Monday, June 15, 2009

Market Takes a Breather From Recent Relentless Rally

We're not off to a very good start this morning, as equity markets are down on the heels of some disappointing manufacturing news out of New York (seriously, why is anyone surprised that manufacturing is still shrinking?)  Also, international purchases of US assets slowed in April as our trade partners trimmed their holdings of US Treasuries.  Total net purchases of long-term equities, notes, and bond rose a net $11.2 billion, compared with $55.4 billion in March.  We rely on our friends in Asia to finance our massively exploding deficits so they need to be picking up the pace instead of pulling back.  If you include short-term securities, foreigners were actually net sellers to the tune of $53.2 billion, compared with net buyers of $25 billion the previous month.  Not the kind of help our nation needs right now.

The WSJ has an article today that poses the question of whether the current powerful stock market rally is a cyclical or secular bull market rally.  This seems to be the current debate among investors and regular readers should know where I stand on this issue.  In general I roll my eyes when commentators come on CNBC to pump the market and talk about how we're clearly in a new bull market.  I still maintain that if you're going to be on CNBC spouting your opinion, last year's returns for whatever fund you manage need to be stamped on your forehead so I can decide whether I care about your opinion about the market.  Because if you missed the top, you have no business commenting on the bottom.  FT's Alphaville posts a few interesting market datapoints courtesy of the chief investment strategist at Diapason Securities.  He picks a few examples of how markets behaved in the past such as the Dow in 1929 which fell 48%, rallied 48%, then fell 78% and Nasdaq 2000 which fell 40%, rallied 40%, then fell 81% and offers examples of a few of more recent market movement such as the Shanghai Comp '08 which fell 73%, then rallied 70% and the NDX '08 which fell 50% then rallied 48% with the future direction still up in the air.  Since the debate rages on, I'll let you draw your own conclusions.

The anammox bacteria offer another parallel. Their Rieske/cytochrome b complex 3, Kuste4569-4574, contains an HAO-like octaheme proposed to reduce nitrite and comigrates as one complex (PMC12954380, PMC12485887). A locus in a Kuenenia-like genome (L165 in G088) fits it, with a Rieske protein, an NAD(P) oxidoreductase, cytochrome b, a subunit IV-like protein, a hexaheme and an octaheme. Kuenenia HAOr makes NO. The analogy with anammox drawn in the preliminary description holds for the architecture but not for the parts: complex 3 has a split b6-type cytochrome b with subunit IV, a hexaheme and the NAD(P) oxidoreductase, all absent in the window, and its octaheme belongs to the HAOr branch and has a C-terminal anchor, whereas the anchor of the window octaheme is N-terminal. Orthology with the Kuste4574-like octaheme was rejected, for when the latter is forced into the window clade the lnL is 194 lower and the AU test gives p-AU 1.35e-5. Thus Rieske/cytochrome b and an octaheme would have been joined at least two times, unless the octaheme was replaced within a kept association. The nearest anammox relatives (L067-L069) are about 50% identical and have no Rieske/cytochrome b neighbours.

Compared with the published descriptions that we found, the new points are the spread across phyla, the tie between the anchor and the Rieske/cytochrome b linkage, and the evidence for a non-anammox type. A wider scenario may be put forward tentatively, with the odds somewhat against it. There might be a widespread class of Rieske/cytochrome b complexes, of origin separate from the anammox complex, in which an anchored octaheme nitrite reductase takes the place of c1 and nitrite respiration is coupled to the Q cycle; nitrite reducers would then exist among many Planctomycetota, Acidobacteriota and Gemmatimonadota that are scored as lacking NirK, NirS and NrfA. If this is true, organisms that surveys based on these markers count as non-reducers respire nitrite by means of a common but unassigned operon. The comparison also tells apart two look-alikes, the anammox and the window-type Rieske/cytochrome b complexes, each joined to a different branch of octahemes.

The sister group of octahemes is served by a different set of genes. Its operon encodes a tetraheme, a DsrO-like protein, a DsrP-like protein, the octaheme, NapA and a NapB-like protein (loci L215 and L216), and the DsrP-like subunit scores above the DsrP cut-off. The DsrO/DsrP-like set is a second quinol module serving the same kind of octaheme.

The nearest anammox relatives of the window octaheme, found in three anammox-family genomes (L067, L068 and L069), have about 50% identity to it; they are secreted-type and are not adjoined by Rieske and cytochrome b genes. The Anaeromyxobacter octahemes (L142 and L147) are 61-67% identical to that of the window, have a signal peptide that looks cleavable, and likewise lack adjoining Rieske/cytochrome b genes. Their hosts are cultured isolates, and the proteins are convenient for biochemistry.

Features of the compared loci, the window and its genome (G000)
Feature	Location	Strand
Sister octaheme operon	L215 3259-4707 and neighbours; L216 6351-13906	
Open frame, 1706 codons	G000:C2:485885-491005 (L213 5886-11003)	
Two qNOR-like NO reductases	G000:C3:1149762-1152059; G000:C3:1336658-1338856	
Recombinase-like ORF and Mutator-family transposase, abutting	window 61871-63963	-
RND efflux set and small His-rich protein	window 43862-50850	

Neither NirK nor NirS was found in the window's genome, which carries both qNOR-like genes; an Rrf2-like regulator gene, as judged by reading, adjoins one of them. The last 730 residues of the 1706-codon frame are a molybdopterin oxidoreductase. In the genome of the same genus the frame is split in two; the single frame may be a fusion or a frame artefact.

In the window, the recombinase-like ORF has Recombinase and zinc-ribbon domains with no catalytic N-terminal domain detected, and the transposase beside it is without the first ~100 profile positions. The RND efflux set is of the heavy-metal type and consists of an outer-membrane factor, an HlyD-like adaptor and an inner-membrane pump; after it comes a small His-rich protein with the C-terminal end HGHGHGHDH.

1 comment:

Mr Wrightwood said...

When did you go all Fibonacci on us, K10?